FT SmR4 Passage of Lines After Action Report (AAR) Advanced Squad Leader scenario
The Marines started dispersed across the rice paddies and had to take at least 2 out of 3 HDP (“Hilltop Defensive Perimeters”) in 8.5 turns. In retrospect I might have thought about HDP’s wrongly. You don’t have to take all the HDP hexes to control a HDP. You only have to take most of a HDP’s hexes to take the whole thing down.
The Marines had a 81mm mortar and 2 HMGs (6-12) with a 9-2 posted on the hill on the top, giving 2 flat shots in most cases to the Korean positions. They also had a 60mm OBA which would be useful later in the game. The North Koreans had 2x82mm mortars, a 45L gun and a 76L gun. They also had 2 HMGs, 1 MMG and 6 LMGs covering their digs. The North Koreans win when they take 13 CVPs on KMC personnel or 40 CVP on UN personnel.
After Action Report (AAR)
There was a group of South Korea Marines (1st Battalion, 1st Regiment) retreating at the start of the turn. The Marines were all deployed into fireteams and started moving towards the North Koreans. The going was brutal. Four fire teams and an 8-1 bought the farm early on. I should have the South Koreans withdraw slower and put their firepower in use a bit more. As it went, the North Koreans didn’t bother with the KMC at all.
The North Koreans malfunctioned both of their 82 mm mortars! The Marines kept their heads down and tried to move as quickly as possible through the rice paddies. Regrettably, they drew a red chit on their first call to Artillery, and then they broke their radio! Our 1-time OBA hit the 2nd HDF from the left but failed to do much.
During US Turn 3, the Marines on the right were almost at the village. You could almost hear a collective sigh of relief. That was of course, if you could ignore the bloody curling scream from one of the fireteam that went berserk! Folks on the left were in the open and running into 2 murderous HMGs. Good thing both guns were down and one of the 82mm mortars went dead. Not getting much cover from the HMGs, the fireteams spread out further to not be in the same CAs. Anyone carrying an MMG was hit particularly hard. Fireteams from both flanks were doing massive “amoeba” style Advance Fire groups as they move closer. The big old US mortar on the hill first went out of WP and then out of action.
US Turn 4 saw the pair of Pershings on. There being 5 antitank mine factors, the Pershings decided to go down the same path. The railroad takes 2 MP out of every hex, so the road got the vote. Marines in the village were bringing their firepower to bear. The Koreans tried to move forward to interdict them. Some of the Korean units were moving right, so we hoped we could get the tank machine guns in place to hinder the use of that road. The Marines on the left continued to get decimated in both our turn and the opponents. The good news was that they were in fireteams, but the bad news was that they were getting taken out at an alarming speed.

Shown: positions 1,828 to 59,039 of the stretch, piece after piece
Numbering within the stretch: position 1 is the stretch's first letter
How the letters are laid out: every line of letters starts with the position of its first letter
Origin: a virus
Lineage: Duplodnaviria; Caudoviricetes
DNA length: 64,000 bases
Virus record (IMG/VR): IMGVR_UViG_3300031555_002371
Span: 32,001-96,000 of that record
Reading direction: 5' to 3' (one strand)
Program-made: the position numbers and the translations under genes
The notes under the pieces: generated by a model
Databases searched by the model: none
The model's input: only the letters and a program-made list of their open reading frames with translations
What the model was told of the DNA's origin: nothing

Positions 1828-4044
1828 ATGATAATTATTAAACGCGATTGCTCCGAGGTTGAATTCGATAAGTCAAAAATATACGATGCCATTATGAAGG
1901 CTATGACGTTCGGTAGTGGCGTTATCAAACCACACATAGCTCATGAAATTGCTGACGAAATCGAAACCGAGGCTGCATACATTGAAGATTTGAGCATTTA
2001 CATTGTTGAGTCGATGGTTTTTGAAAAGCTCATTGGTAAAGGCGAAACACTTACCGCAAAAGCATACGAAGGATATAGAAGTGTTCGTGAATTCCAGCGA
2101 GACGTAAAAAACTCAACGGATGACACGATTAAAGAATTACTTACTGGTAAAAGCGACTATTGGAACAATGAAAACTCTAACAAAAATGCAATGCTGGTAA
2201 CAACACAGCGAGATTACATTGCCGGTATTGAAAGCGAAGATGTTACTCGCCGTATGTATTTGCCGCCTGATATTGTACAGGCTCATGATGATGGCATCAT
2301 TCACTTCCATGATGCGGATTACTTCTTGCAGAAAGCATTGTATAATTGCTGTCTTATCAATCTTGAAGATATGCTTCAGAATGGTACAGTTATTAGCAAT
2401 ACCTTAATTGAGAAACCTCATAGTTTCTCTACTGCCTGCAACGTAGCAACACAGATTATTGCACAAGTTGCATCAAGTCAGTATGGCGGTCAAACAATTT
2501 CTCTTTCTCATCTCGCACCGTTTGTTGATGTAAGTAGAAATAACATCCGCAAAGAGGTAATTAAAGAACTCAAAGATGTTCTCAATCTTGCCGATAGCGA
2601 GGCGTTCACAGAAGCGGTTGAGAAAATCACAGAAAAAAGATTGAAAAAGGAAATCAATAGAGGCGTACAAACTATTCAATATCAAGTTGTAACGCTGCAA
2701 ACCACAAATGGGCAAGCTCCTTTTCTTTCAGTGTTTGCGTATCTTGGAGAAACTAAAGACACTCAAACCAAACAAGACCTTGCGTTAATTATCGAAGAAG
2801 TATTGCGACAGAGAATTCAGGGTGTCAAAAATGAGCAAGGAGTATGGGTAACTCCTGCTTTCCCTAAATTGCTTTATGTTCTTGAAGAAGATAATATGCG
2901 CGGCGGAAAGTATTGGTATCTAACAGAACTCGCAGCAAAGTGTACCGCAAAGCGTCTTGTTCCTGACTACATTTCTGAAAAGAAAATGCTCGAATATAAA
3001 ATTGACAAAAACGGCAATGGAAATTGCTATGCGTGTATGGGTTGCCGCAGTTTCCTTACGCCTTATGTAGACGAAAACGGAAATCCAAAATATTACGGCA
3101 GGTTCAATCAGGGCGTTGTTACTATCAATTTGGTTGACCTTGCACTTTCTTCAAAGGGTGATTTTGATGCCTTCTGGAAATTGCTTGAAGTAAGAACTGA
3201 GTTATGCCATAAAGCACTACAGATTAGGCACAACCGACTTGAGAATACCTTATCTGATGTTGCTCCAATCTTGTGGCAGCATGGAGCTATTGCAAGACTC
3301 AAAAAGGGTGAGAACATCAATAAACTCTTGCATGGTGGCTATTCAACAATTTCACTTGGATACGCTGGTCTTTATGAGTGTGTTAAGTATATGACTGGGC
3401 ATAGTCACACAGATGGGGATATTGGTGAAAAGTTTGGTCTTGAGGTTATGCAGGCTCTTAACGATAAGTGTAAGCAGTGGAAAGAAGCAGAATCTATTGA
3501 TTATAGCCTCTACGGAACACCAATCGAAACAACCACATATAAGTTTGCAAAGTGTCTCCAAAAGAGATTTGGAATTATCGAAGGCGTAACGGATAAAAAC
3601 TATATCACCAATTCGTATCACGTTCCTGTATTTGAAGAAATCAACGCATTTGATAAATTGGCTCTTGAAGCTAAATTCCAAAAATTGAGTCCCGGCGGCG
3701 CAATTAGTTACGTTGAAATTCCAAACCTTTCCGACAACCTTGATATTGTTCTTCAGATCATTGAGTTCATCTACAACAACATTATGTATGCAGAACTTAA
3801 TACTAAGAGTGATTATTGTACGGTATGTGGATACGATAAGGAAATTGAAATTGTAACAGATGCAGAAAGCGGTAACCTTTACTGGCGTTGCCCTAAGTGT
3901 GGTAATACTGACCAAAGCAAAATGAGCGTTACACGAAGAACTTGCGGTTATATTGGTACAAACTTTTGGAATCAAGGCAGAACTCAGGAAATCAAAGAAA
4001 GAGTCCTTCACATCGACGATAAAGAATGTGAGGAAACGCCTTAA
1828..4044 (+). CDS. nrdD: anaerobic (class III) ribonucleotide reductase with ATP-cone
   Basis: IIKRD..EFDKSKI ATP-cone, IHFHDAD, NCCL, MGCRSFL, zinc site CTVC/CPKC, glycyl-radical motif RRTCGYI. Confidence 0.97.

But hey, the 60mm OBA was back in play.
The 60mm OBA failed to suppress 1 of the 2 HMGs in US Turn 5. Fireteams on the left desperately tried to move to the houses on the far left corner, from which it might turn the Korean flank. One of the Pershings malfunctioned its gun on the first shot and was now trying to move as close as it dared to so as the other Pershing could get a better shot. The Marines on the right decided that it’s better to hit the HDP on the far right and shifted their people over. The Koreans moved back up their hills. The Korean mortar came to life and laid a smoke round on the path in front of the right most HDP to cover their retreat.
When we reached North Korean Turn 7, one of the Pershings is already gone because of a broken main gun. The remaining one popped off round after round and yet failed to make it’s 90L presence felt! It did, however, cut off the 2 HDPs on the right from the left. The 60mm OBA managed to bring down WP which helped a lot. The wind picked up and made things even better! The survivors on the left finally managed to get to the buildings on the far left and started to put up a more effective firefight. At least now the Korean HMG fire was halved as one of them was blocked. The Korean smoke round on the right that was now billowing down the road proved to be quite helpful. Marines pushed towards the right most HDP, just in time to greet the Korean reinforcements.
Two more US Movement phases to go. We might well be out of time.
Last US turn! The Koreans on the HDP on the left were broken but we didn’t have enough time to walk up. The Koreans on the rightmost HDP were taking a beating but put up a “human wall” that’s going to take a couple more turns to kill. The US conceded. My opponent revealed all his mine placements in this last picture.
The Marines needed more smoke rounds (than HE rounds) in order to be successful in this scenario. I did the right thing by moving everyone in fireteams. Some of the chaps on the right of course, recombined into squads when they reached the village. I was hoping the Pershings with the malfunctioned gun could navigate through the road (trail break through the AT mines) and get on the hill where we would promptly turn left and get around the back between the 2 HDPs on the right. That was not to be when the leading Pershing X’d out its repair. My opponent is a very tough one but I feel I am finally getting a glimpse into the proper way to play the Marines in this LFT Fight for Seoul package (we already played through all the Fight for Seoul scenarios, and are now doing the Smith’s Ridge ones.)